Garment Sourcing Practices Violate Supply Chain Compliances, Shows Study
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Garment Sourcing Practices Violate Supply Chain Compliances, Shows Study
Dhaka, Bangladesh | Friday, 1st Jun. 2018  | By Textile Excellence
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Apparel suppliers are being forced to comply with and follow social and environmental standards set forth by their international buyers, and various agencies. In Bangladesh, retailers have worked closely for five years with garment manufacturers, to upgrade safety standards, and to ensure that workers are no longer exploited.

 

One would assume that with all the standards, certifications, and higher wages, Bangladeshi garment exporters would have to increase their garment prices for the buyers.

 

However, unit realisations have come down significantly over the years following the Rana Plaza disaster in 2013. A study by Penn State University's Center for Global Workers' Rights found ahead of the fifth anniversary of the Rana Plaza disaster that brands are generally paying less for garments today.

 

The study - Binding Power: The Sourcing Squeeze, Workers' Rights, and Building Safety in Bangladesh Since Rana Plaza - was carried out by Mark Anner, director of CGWR.

 

The report looks at Bangladesh's top exports to the United States and to the European Union in comparative perspective.Bangladesh's top export to the United States is men's and boy's cotton trousers.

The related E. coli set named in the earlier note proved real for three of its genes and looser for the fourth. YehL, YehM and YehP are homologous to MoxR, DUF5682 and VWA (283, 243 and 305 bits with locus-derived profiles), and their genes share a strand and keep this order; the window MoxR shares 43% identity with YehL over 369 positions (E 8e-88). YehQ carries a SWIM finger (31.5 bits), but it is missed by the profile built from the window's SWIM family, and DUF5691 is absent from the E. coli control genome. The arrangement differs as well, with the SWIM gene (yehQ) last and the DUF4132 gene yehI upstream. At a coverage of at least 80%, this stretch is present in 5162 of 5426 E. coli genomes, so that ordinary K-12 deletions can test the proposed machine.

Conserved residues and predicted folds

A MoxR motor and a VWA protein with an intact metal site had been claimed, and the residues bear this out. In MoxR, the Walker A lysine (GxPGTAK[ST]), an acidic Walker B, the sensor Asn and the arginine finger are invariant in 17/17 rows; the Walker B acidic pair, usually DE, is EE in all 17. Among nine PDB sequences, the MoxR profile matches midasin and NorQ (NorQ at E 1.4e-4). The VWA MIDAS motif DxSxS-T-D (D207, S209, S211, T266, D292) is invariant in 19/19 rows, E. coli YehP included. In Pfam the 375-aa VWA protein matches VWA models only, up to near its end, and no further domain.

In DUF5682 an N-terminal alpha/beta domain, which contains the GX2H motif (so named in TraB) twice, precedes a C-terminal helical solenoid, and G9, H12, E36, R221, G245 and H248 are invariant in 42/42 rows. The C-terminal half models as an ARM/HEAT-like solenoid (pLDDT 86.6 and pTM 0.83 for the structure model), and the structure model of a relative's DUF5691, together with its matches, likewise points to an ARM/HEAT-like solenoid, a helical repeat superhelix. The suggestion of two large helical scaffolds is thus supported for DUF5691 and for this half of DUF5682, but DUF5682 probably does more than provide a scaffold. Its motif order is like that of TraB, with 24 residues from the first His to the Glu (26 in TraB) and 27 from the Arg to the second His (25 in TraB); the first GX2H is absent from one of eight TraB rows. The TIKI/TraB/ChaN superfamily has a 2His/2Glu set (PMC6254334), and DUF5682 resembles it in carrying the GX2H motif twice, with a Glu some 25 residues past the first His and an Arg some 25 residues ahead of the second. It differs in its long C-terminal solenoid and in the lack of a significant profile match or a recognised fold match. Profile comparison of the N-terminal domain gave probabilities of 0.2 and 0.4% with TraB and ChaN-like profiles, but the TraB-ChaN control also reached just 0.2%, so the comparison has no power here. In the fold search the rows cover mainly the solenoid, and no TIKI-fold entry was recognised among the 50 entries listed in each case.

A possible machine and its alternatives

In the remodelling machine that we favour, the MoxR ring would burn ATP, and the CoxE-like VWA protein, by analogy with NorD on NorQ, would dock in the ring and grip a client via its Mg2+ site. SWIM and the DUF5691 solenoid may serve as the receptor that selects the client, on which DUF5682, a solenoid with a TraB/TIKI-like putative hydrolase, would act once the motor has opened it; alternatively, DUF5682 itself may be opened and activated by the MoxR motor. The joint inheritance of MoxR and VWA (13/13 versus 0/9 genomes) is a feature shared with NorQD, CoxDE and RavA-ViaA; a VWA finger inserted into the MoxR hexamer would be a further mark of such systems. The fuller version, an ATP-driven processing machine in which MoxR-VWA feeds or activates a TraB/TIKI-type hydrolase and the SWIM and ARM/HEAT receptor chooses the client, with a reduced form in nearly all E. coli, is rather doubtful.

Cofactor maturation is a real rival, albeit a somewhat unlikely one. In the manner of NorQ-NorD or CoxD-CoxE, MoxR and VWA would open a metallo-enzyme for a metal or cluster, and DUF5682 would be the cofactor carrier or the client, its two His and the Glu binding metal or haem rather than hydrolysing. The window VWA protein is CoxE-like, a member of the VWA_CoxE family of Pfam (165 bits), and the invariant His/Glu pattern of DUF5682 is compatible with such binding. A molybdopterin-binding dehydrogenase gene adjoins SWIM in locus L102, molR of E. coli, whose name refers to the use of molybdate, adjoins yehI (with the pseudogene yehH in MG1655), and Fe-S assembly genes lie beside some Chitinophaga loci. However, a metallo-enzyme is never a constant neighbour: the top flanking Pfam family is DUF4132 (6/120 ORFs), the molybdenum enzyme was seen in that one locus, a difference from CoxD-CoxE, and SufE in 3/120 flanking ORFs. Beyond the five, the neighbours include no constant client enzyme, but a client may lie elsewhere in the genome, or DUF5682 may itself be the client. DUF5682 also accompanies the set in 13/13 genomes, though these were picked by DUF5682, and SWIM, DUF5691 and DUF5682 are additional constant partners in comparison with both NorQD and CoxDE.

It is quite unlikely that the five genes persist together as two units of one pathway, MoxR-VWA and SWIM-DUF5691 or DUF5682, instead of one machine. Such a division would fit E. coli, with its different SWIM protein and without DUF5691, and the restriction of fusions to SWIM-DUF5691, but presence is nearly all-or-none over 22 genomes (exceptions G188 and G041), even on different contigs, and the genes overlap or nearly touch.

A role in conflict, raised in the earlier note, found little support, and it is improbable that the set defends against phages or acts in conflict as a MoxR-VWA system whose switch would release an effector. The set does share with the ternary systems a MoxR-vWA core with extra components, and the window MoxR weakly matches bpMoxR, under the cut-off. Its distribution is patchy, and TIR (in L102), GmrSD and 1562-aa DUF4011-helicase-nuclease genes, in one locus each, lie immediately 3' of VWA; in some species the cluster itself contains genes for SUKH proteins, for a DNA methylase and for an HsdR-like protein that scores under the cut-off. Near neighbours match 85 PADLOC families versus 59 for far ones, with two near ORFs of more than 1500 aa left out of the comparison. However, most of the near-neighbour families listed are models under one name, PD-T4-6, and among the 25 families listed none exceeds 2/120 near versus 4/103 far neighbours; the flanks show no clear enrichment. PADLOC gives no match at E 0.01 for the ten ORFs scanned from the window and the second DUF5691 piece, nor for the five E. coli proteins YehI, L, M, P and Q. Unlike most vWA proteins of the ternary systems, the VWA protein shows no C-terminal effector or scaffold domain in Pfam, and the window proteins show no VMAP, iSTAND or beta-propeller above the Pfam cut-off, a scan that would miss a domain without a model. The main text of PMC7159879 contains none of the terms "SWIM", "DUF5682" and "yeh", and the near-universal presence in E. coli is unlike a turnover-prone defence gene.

According to Anner, "If we look at the top apparel exporting countries to the United States, and we take price paid per square meter in real dollars (that is, controlling for inflation), we see two trends.

 

First, in general, the price point comes down. Second, Bangladesh comes down to the lowest level. A similar dynamic can be observed with respect to t-shirts."

 

T-shirts account for the largest percentage of garment exports from Bangladesh to Europe (EU-28).

 

In 2016, Bangladesh exported more than 250 million kilograms of t-shirts, far exceeding the combined amount of t-shirt exports from the second, third, and fourth top exporters (China, India, and Turkey). It did this by providing the lowest price point.

 

And, overall, a real dollar price decline is noticed. During this period, the average nominal euro-per-kilogram price of imported t-shirts into EU-28 countries dropped from EUR 11.21 to EUR 10.63.

 

A look at the nominal prices paid since Rana Plaza for trousers exported to the United States, shows a 13% decline. This is the result of a price squeeze by lead firms.

 

Alternative arguments would be that the decline in price is the result of exchange rate fluctuations or the price of cotton. But this is not the case here.

 

Regarding exchange rates, between 2013 and 2017, the rate of devaluation was only 3.8%.

 

And the local (Taka) component is only a small fraction of total costs, making the impact of exchange rate fluctuation less than 1% of the variation in price.

 

Cotton prices, while declining between 2013 and 2015, rose by 22.13% between 2015 and 2017. During this same two-year period in which cotton prices increased, prices paid for imported trousers declined by 11.48%.  Hence, the decline in the price of imported trousers is clearly not the result of declining cotton prices.